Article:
A year long fight for the truth comes to an end | Daily Record

First published on Sept 17, 2016 by the Daily Record: http://www.dailyrecord.co.uk/news/scottish-news/year-long-fight-truth-government-8854300


IT’S finally over.

After a scarcely believable and unnecessary year-long battle the Scottish Government have finally been forced to release the written advice they received regarding standardised testing.

The public now has access to the unvarnished and mostly unredacted truth, as should always have been the case.

We now know this material, which informed a controversial shift in education policy, consisted of four emails from two individuals and that a number of the written recommendations were rejected.

What’s more, these submissions were, according to the Scottish Information Commissioner, “unsolicited”, suggesting that the Government did not even bother to seek written advice before announcing their plans last September.

The Government have tried to defend themselves by pointing to “many in-depth discussions with parents, teaching unions,academics and education professionals and those views were used to shape the draft National Improvement Framework, including the approach to standardised assessments”.

This seems perfectly reasonable. After all, the Government did hold 11 meetings in the four months before the announcement of their standardised testing plans.

There’s just one problem – from all these hours of talks, over many weeks and months, not one single set of minutes was taken. Not one.

In fact the Government’s record-keeping is apparently so poor that even agendas for nine of the meetings cannot be provided.

So we, the Scottish public, have no way of knowing what was said during these discussions.

It may well be that, recognising how controversial plans for standardised testing were always going to be, the Government made a point of raising the issue at every opportunity.

Then again, it’s also perfectly possible that conversations specifically focused on standardised testing were largely avoided by politicians and Government officials fearful of an overwhelmingly negative reaction.

It may well be that the vast majority of those present whenever standardised testing was raised offered enthusiastic backing for the Government’s proposals.

Or perhaps it’s the case that at meeting after meeting the Government were repeatedly warned that their plans would lead inexorably to serious consequences such as a narrowed educational experience for young people, the publication of damaging school league tables and the entrenchment, rather than reduction, of the so-called attainment gap.

We just don’t know.

In the interests of transparency and democratic accountability several questions must now be answered.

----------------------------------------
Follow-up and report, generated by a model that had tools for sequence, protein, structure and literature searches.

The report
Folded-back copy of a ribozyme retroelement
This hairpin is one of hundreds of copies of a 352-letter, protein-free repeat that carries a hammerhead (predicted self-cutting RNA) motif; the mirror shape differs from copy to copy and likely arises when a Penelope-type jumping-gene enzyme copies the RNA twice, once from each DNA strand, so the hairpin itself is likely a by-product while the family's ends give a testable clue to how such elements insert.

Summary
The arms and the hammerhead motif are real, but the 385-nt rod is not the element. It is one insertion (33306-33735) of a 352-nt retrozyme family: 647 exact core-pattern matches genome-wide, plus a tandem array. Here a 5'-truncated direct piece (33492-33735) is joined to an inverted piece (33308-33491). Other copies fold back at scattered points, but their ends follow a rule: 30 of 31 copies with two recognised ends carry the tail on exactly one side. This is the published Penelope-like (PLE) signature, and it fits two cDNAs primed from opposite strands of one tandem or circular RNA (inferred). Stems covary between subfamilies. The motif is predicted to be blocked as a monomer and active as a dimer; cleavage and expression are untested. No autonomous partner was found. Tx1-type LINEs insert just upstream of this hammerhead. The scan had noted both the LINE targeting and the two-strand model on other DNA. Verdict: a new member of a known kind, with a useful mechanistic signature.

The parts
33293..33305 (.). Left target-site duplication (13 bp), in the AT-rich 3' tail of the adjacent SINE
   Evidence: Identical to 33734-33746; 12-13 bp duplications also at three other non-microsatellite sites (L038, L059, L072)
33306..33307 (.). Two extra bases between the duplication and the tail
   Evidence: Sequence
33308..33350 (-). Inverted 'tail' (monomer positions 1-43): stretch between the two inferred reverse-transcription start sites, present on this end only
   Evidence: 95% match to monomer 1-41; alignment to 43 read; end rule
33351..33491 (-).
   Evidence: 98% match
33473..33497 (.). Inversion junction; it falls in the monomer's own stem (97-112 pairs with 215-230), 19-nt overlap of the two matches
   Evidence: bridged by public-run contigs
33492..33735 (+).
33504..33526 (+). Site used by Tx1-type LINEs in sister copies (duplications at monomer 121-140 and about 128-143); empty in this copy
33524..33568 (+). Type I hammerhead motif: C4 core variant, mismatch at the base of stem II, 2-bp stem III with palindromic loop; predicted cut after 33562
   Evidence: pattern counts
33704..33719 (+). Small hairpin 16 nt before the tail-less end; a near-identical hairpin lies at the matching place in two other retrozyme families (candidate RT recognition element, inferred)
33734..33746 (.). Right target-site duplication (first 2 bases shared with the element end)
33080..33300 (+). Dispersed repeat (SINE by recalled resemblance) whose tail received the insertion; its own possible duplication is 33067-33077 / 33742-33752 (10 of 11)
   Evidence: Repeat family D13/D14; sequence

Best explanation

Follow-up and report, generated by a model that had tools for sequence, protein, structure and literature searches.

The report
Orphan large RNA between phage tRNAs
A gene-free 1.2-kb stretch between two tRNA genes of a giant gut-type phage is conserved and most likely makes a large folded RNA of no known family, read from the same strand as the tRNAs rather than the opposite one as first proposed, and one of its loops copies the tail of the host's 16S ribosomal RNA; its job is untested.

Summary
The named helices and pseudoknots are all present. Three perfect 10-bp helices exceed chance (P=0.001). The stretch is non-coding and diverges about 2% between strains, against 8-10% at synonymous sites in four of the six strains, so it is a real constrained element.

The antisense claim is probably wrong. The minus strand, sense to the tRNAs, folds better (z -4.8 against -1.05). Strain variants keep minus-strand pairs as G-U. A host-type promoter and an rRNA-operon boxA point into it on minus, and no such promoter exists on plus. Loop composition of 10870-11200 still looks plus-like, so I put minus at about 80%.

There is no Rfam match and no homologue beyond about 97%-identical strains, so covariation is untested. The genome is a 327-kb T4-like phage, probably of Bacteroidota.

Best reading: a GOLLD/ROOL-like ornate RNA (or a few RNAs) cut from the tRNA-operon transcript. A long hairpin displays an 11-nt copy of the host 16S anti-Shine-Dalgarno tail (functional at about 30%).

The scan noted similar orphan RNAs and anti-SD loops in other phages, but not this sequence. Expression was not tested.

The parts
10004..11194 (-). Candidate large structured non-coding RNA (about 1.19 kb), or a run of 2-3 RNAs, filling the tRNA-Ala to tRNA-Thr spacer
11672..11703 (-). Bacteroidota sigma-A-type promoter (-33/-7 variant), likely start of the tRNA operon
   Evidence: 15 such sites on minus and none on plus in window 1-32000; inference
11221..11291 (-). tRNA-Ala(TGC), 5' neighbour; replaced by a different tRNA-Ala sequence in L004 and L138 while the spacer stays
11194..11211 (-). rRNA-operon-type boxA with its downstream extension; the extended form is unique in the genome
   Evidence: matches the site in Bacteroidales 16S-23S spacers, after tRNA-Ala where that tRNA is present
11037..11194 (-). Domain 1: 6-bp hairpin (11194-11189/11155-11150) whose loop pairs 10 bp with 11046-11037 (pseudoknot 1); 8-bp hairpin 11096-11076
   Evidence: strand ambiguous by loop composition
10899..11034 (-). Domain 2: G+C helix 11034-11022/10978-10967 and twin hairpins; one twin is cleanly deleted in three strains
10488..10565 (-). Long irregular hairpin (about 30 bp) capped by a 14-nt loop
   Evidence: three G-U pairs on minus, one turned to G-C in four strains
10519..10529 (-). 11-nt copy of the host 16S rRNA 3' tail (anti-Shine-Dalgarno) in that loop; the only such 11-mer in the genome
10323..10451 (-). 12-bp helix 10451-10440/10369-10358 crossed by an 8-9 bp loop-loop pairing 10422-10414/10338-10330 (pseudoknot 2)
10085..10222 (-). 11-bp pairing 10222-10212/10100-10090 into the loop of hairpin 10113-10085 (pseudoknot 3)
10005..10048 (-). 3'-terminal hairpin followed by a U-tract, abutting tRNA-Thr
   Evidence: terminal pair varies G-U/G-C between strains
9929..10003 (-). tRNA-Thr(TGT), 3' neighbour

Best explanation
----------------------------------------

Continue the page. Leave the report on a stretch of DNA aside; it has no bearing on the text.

Why did the Government choose not to seek written advice from experts on the matter of standardised testing?

Why have the Government spent a year fighting, in vain, to keep the limited advice they received on the issue a secret from the public?

Why did the Government decide not to take minutes at meetings which former education secretary Angela Constance has admitted directly informed her thinking on the development of the standardised testing policy?

And, most of all, why did the Scottish Government have to be dragged, kicking and screaming, towards an honest, open and transparent position?

At this point it’s worth thinking back to November 15, 2012, when Nicola Sturgeon, then deputy first minister, led a debate about possible amendments to Scottish freedom of information laws.

She told MSPs: “I believe that transparency is not an optional add-on but an integral part of policy-making.”

This noble sentiment was repeated in November 2014 when Sturgeon laid out her first programme for government, with Holyrood assured of her intention to lead an “open and accessible government”.

She certainly talks a good game, but it’s impossible to square the First Minister’s asserted support for openness and transparency with the barriers faced by many of those trying to hold her government and other public bodies to account.

Earlier this month, for example, it emerged the Government had “breached freedom of information law by delaying the release of information” to journalist Rob Edwards.

The report included a damning extract from the Scottish Information Commissioner’s judgment on the case which described ministers as “unreasonable”.

Concerns have also been raised about attempts to conceal the nature and contents of a conversation between the First Minister and Andrew Wilson, a former SNP MSP who has been appointed as chairman of the new Growth Commission.

Given what we now know, it’s hard to see how the Government can pursue standardised testing with any credibility – but it’s clear a bigger issue needs addressed.

If Sturgeon is genuinely committed to open, transparent and accountable policy-making, then a fundamental shift in the official attitude towards the recording and release of information is needed.

The SNP promised us openness and transparency, and the people of Scotland deserve nothing less.